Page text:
Education is believed to be the liberation of the mind, but is it anymore? Or was it ever? We are constantly fed with these age-old preconceived notions about education from society. And sometimes directly from the people who are meant to be educating us, almost creating a moral paradox! They tell us that school will enrich our creativity. They tell us how the intrinsic, natural creativity of the human mind is a speckles’ worth in contrast to the mind that has endured years of methodological indoctrination and testing. But are these notions valid? Or are we (they) confusing one thing for another? What are the drivers of education? How is it intertwined with the prevailing cultural and economical scene? These are some of the pressing questions that surfaces when one fundamentally re-examines the very concept of education that much of civilization has held on to dearly for decades, if not centuries. After years of school and college, it’s about time for us to step away from the tradition of receiving grades to being the ones to grade our education system.
Like every other endeavor of human civilization, education is one that has had its movements and reforms. From the early attempts at systematic indoctrination in religious and philosophical schools to the modern system consisting of graduated learning levels from elementary to graduate school, there are unmistakable commonalities to the keen eyes. From the times of the ancient Greek civilization, the Platonic academy and the two men, Socrates and Aristotle who surrounded his legacy to the Huehuetlatolli of the Aztecs to the madrasas of the Islamic world to the Vedic teachings of Indus Valley civilization – the earliest attempts of systematic indoctrination were based on the moral code essential to the functioning of early society. Their teachings were subjective to each civilization and time period, and very further subjective to the teacher or master leading the congregation. Education was simply restricted geographically and lost its relevance with the natural progression of civilization and the spread of ideas. Perhaps one of the most notable cultural exchange of the early days happened with the Silk Route, in a time when education was still in its infancy.
philosophy came to be the grand unifying force for many culturally-divested schools of education
Ever since the Renaissance artists have been experimenting with new forms of their art to spread their appeal to more people. The Renaissance was a time of much importance in artistic history. New styles, forms and manifestations of art popped up all over Europe and even the rest of the world. In this post, I’ll be discussing broadly music and how artists and producers are playing with some of the fundamental constructs of music itself – the structure, instruments and something very important I’d like to call the element of surprise. This element is by far the most important if you’re trying to play your way into the billboards, and also maybe stay there for a decent amount of time.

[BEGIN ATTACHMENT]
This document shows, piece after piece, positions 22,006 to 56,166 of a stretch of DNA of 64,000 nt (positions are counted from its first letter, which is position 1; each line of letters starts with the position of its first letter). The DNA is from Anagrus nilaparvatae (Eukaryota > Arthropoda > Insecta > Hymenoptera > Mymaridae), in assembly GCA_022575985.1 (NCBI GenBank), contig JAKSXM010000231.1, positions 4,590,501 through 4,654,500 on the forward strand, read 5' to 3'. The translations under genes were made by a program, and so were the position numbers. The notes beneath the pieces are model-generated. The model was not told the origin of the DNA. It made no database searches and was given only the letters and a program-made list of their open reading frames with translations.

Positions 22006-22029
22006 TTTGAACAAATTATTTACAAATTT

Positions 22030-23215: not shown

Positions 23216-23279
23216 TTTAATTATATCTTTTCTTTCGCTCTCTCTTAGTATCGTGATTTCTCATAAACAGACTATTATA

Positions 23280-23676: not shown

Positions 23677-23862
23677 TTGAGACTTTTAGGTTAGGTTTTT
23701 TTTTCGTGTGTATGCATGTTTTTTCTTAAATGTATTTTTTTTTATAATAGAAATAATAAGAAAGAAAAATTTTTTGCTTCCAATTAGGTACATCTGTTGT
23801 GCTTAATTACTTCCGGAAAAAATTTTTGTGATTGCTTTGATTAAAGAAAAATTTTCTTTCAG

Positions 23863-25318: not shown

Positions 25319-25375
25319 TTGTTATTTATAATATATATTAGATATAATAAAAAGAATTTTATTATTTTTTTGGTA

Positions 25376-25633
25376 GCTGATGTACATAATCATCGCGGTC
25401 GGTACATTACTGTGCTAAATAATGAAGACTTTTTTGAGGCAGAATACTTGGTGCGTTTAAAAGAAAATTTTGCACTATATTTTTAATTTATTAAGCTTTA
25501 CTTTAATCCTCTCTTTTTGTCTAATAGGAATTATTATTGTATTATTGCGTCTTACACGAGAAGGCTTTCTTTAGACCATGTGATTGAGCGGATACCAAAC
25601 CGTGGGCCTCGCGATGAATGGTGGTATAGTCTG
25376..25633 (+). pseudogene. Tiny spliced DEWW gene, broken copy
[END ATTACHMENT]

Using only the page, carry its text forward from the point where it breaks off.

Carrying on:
You want to have the right music at the right time with the right generation and the right technology to make it go viral
Recently I’d come across a satire describing structures of various musical genres. It said the blues were mostly guitar, complaining and more guitar with nothing more to it. Pop was mocked with reference to Pitbull, a prominent and contemporary pop artist. It was funny but also helped me recall what I know of music theory which led me into thinking what makes a hit song? Is it some violation of the traditional anatomy or something subtle or this colloquially called element of surprise?
in Serif there is wisdom, in Sans there is freedom, in handwriting there is error
There was once a time calligraphic techniques were the only widely used method to produce consistent handwritten texts. I still can’t help but fondly think of the bygone age of the beloved type-writer – the once mighty sword of all that is true slowly disintegrated into one among history as more advanced typographic methods and technologies developed. From there it was an upward egress as the digital era dawned into newer and more varied typefaces. And I am a Millennial of all if in doubt.
I personally have a liking for certain styles and I don’t know if other people also share a similar liking to these styles but I am just going to go ahead and mention it because this could be like one of those things which you think only you have or can experience but later turns out to be universal to most people. Broadly, I will discuss the Serifs and the Sans Serifs. I wont go into details of their individual styles they could and can take up. I’ll be referring to the Sans Serifs as just Sans because it is so much nicer, maybe.
pick a book in Serif they said, a minute, a day o’er a month passeth fore you know it
I hope you have noticed it already and wish to share some trivial information that should be entertaining.
The artwork you see was spotted at the High Line, somewhere between West 22nd and 23rd and 10th Avenue. You should see it pretty nicely from the elevated rail road but I cannot guarantee visibility from the ground as you can clearly see a building immediately behind. You might however catch a glimpse from 22nd Street, but again I cannot guarantee. It was enough of a cold Manhattan day in March and I was in a bit of hurry.
Though, I wish I could give credit to its designer if I knew.
Maps courtesy of Google.